What’s the most distinctive thing about the main character?  Who-real or fictional-would you say the character reminds you of? 

The main character, Alex Evans, is a sensitive woman who has developed a thick layer of armor in order to steel herself for the work she does. I think many women—or people in general—do this to avoid feeling vulnerable. The most popular character in literature that Alex most resembles is Jo March from Little Women. She’s a mix of feminine and masculine, not afraid of pursuing work that is thought of as ‘men’s’, and conflicted about how she can manage to find love and further her career.

If they made your book into a movie, who would you like to see play the main character(s)?

I would absolutely love Michelle Williams to play Alex. It would have to be made soon, though, as I believe Michelle is 40 and Alex is 36 🙂

When did you first decide to become an author?

I was 7 when I wrote my first story, 18 when I first thought writing a book might be a life goal. But I was heavily discouraged early on by a tutor as well as by someone I considered a friend, so I lost the courage to write—at least to share my writing with anyone. It was a long journey towards believing in myself and my writing.

Is this the first book you’ve written?

No. It’s the first book I’ve published. I have two other finished novels (one historical fiction, one middle grade). I have several other partially finished novels as well.

What do you do for work when you’re not writing?

Like many writers, I wear a lot of hats. Pre-pandemic, I was the tour manager for Deva Premal & Miten. I also do the books for my husband’s plumbing business and now I’m homeschooling. Previously, I had done a lot of work in the nonprofit sector.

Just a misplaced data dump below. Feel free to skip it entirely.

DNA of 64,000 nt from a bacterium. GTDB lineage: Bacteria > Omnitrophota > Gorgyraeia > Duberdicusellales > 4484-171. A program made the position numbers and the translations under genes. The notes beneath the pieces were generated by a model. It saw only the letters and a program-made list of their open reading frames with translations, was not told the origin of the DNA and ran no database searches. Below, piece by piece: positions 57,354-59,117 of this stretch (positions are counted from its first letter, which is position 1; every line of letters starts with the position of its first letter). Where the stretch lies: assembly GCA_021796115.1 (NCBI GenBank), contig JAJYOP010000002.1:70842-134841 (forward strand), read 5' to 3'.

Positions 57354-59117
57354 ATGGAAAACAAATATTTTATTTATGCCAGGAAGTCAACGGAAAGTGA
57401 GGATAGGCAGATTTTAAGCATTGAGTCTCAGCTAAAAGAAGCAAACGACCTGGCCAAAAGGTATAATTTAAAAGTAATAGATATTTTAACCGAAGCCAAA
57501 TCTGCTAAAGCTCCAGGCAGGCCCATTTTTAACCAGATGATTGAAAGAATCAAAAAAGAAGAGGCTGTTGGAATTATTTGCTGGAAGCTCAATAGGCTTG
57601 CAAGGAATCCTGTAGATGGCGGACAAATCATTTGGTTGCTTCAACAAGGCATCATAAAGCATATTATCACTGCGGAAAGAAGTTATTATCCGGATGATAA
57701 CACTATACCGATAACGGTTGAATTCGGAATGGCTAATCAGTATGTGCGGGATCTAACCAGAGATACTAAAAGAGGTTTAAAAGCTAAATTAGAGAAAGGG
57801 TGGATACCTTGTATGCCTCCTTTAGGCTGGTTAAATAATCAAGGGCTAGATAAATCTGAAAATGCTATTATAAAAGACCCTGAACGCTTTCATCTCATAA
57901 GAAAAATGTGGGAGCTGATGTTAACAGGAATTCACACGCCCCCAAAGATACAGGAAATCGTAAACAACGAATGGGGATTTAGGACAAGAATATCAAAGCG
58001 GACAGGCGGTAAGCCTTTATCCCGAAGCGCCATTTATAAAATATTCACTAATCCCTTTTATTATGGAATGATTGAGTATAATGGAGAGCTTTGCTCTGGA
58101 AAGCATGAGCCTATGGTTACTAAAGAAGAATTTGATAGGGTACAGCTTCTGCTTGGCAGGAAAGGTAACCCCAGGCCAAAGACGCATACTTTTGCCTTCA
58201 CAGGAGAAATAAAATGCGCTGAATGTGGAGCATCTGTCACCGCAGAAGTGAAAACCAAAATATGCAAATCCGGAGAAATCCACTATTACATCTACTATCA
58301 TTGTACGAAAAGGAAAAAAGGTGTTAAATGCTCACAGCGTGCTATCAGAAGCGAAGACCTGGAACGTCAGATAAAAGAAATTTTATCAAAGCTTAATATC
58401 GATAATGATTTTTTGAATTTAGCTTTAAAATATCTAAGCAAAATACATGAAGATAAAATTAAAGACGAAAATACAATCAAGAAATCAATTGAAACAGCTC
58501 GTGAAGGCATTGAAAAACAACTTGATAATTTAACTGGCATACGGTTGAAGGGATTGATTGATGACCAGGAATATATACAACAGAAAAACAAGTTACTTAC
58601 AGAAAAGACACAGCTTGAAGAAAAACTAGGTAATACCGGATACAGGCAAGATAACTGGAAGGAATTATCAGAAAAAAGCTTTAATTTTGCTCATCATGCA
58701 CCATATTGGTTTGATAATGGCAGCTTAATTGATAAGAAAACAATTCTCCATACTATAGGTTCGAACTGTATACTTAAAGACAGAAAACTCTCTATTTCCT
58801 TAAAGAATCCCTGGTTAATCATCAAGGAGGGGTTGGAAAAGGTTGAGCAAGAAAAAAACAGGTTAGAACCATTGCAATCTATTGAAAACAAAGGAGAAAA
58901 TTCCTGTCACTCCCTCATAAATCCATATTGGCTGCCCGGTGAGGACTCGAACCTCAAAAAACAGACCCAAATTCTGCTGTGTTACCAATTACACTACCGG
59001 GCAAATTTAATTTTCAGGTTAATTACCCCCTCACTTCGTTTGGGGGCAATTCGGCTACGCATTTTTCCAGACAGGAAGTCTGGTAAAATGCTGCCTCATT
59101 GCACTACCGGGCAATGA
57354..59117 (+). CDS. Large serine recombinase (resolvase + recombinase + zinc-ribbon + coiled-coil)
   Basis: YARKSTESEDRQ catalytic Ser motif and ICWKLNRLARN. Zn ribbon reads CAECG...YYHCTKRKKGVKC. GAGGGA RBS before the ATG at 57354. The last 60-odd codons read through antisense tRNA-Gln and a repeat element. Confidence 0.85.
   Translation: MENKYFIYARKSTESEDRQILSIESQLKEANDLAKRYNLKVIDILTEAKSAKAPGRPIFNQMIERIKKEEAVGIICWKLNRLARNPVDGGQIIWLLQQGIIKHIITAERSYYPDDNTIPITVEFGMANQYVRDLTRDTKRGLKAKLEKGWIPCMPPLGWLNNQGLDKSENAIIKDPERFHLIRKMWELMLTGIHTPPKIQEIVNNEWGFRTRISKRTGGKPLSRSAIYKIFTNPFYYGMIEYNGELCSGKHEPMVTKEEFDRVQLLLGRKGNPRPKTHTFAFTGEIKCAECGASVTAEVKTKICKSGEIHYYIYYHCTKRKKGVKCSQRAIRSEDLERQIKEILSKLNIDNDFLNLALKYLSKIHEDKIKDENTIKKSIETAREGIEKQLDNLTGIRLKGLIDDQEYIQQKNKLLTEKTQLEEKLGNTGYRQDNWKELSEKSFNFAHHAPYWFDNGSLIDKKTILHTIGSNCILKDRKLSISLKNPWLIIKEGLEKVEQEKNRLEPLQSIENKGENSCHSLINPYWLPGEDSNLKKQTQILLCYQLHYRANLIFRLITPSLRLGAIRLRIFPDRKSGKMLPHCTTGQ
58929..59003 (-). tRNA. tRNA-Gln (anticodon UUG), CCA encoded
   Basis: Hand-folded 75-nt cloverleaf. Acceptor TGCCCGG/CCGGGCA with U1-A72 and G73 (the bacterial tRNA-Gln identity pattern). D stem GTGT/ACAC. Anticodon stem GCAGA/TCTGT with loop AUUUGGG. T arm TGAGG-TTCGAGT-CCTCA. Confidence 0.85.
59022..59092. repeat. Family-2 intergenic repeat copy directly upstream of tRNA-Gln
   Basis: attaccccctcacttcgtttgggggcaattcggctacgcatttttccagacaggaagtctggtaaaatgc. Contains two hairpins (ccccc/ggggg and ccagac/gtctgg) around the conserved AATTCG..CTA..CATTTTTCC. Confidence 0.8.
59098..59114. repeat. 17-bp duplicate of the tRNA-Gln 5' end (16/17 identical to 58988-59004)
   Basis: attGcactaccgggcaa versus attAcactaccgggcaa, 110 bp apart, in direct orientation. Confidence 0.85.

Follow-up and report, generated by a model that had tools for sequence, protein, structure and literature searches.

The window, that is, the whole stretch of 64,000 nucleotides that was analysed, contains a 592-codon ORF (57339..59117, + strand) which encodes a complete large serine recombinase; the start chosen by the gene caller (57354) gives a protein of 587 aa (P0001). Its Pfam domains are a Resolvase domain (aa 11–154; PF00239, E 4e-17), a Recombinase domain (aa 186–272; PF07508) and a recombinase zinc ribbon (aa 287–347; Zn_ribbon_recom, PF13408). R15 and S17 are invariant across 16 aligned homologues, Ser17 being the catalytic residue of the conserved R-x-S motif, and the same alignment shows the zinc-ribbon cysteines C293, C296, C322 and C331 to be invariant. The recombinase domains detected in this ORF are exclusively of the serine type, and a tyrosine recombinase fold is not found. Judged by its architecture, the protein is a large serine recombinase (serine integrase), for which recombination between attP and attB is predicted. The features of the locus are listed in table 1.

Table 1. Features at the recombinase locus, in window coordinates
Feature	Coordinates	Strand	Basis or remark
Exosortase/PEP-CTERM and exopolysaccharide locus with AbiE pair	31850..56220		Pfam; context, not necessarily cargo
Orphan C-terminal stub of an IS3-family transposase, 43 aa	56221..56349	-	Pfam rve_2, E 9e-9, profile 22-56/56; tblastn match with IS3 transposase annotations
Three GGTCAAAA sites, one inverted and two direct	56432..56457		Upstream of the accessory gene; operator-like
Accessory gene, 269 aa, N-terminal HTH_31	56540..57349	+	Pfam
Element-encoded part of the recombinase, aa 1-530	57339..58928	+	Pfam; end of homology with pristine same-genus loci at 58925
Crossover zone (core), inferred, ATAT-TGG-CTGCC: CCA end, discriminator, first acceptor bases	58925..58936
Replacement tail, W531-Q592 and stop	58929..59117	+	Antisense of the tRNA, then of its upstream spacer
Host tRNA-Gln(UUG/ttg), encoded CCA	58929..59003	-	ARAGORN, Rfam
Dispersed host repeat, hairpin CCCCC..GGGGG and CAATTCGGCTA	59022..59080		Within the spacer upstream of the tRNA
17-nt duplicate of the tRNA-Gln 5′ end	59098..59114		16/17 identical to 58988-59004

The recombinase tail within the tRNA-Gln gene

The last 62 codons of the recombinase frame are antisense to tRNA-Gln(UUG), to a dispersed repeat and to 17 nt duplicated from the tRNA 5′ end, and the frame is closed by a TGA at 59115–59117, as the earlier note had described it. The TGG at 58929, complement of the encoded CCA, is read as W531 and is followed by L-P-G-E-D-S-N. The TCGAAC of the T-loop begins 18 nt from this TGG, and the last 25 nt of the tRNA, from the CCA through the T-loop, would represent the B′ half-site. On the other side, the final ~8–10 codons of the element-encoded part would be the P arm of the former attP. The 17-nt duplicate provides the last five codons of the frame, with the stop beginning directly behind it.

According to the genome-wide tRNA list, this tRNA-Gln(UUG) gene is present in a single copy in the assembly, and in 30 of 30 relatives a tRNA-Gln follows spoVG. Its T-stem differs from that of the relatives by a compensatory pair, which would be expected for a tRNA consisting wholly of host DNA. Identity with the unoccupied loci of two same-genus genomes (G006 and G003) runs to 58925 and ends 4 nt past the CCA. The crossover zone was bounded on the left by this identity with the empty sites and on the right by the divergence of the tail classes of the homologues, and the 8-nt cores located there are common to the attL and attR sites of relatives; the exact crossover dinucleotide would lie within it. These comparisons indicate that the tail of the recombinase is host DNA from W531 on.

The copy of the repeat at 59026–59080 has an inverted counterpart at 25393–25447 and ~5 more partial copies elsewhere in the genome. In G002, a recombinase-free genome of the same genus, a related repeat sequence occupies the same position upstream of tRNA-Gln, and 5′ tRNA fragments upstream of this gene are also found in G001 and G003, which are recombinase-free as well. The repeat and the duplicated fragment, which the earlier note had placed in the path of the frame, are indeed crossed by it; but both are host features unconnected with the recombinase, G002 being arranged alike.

How much time do you generally spend on your writing?

Every spare moment I have, which, honestly isn’t that much right now. Mainly because I’m having to learn about book marketing. That in itself feels like a full-time job.

What’s the best and the hardest part of being an indie?   

Everyone told me that no matter who your publisher is, you’ll have to do your own marketing. And they were right. It is a whole different world, one that has a steep learning curve. Especially for someone who has no social media platform or knowledge. But there is lots of help out there—IndieReader is a great place to start.

What’s a great piece of advice that you can share with fellow indie authors?

Research, research, research. Start early and decide carefully where to spend your advertising dollars. Ask other authors for advice. And above all, be patient. Publishing a book is a long process, but worth it.

Would you go traditional if a publisher came calling?  If so, why?

It would totally depend on the book, on the publisher, on the people involved. I try to follow my intuition on making those types of decisions.

Is there something in particular that motivates you (fame? fortune?)

I am greatly motivated by the pursuit of beauty. I want to be moved and move others by observation, sentiment, and experience. Of course, a small amount of fame and fortune would be nice, but it is art that inspires me, be that in novels, painting, dance or film.

Which writer, living or dead, do you most admire?

Too many to list, but I will limit it to a few: Ann Patchett, Emily St. John Mandel, Lauren Groff, Salman Rushdie, Lily King, Chimamanda Ngozi Adichi, Charles Baxter. And Padraig O Tuama, a poet and host of Poetry Unbound.